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SolarWinds: Insights into Attacker Command and Control Process

In the third of a series of follow-up analysis on the SolarWinds attacks, we investigate how the attackers controlled the Sunburst malware.

In our most recent blog on the SolarWinds attacks, we examined the domain generation algorithm (DGA) used to initiate contact with the attackers’ command and control (C&C) servers. The control flow, what happens after that contact is made, is also noteworthy.

The control flow of Sunburst varies depending on commands received from the attacker. However, the general control flow can be reconstructed in order to understand how communications would have progressed on machines that were of interest to the attackers.

As described in our previous blog, two types of DNS requests are used for initial communications, and both receive DNS replies. The attackers use two fields in the DNS replies: “A records” for control flow and CNAME to hold data on a secondary C&C server.

IP addresses as commands

Normally, when querying DNS, a hostname string is provided to be translated into a numeric IP address, e.g., may translate into The IP address is held in the A record of the response. Sunburst parses the A record for IP addresses, but they are not used as IP addresses at all, but instead are actually triggers for different malware behavior. Instead of the attackers selecting random IP addresses to trigger different behaviors, they have selected IP address ranges belonging to Google, Amazon, and Microsoft. These are possibly chosen in order to reduce the chances of detection. Again, these IPs are not used as IP addresses in any way and the actual computer systems with these IP addresses are not contacted by the malware.

The IP address value received in the DNS reply represents one of five behaviors depending on the current state:

  • Continue sending additional Windows domain name chunks
  • Send product security status information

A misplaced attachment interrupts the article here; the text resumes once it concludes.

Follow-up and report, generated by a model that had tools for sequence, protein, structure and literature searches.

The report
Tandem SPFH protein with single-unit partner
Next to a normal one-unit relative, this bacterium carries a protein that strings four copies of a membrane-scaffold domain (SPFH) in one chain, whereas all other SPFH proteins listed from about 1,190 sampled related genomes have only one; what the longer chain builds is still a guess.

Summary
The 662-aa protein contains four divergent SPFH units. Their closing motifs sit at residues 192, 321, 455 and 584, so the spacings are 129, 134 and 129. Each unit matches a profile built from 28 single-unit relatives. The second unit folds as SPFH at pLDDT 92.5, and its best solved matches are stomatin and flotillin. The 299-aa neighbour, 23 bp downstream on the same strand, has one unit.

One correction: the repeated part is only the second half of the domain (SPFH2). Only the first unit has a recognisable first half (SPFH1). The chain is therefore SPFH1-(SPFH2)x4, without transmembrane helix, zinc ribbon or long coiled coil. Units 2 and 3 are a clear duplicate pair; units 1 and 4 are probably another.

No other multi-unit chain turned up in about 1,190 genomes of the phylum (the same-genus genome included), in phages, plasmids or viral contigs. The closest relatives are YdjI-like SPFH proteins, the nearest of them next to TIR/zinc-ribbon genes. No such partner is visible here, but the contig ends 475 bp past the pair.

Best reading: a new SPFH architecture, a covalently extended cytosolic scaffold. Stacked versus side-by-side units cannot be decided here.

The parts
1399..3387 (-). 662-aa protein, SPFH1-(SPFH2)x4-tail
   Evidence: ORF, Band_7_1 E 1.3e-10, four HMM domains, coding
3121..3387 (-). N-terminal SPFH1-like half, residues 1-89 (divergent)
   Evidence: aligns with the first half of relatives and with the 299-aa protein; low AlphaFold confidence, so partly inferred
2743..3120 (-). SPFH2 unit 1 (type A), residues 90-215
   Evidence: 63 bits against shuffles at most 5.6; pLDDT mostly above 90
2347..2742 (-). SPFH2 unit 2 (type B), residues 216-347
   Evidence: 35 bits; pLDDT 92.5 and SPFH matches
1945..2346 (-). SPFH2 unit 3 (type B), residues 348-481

• Launch a secondary C&C channel
  • Clean up and exit
  • Reset state as if executing for the first time

For a typical infection, Sunburst will first send to the C&C server the first 14 characters of the Windows domain name. This will continue for each 14 character chunk, until the entire Windows Domain name is sent.

Next, the attackers will instruct Sunburst to send the current security product statuses and then send information enabling Sunburst to launch a more robust secondary HTTP-based C&C.

Figure 1. Example of C&C control flow
Figure 1. Example of C&C control flow

Within any DNS reply, the attackers can also instead instruct Sunburst to restore security product service registry keys that were previously disabled back to their believed default settings and quit or reset the internal state as if it is a fresh infection.

Figure 2. IP address ranges and the behaviors they cause
Figure 2. IP address ranges and the behaviors they cause

In addition, to facilitate lab environment and sandbox avoidance, if the DNS requests result in a private range IP address, including,,,, fc00::/7, fec0::/10, ff00::/8, Sunburst will also clean up and exit.

Second stage C&C

Victims that were of interest to the attackers would have reached the secondary C&C stage. In this case, the DNS reply would contain a hostname in the CNAME record to be used as a HTTP C&C channel. The CNAME value is checked to see if it starts with http:// or https:// and is prepended with https:// otherwise.

Next, Sunburst will perform repeated HTTP GET requests to receive commands, sleeping a variable amount of time between requests. The path portion of the URL always starts with /swip/upd/ followed by randomly selected URL patterns, in the following order.

Optionally, one or more of the following:

  • SolarWinds
  • .CortexPlugin 
  • .Orion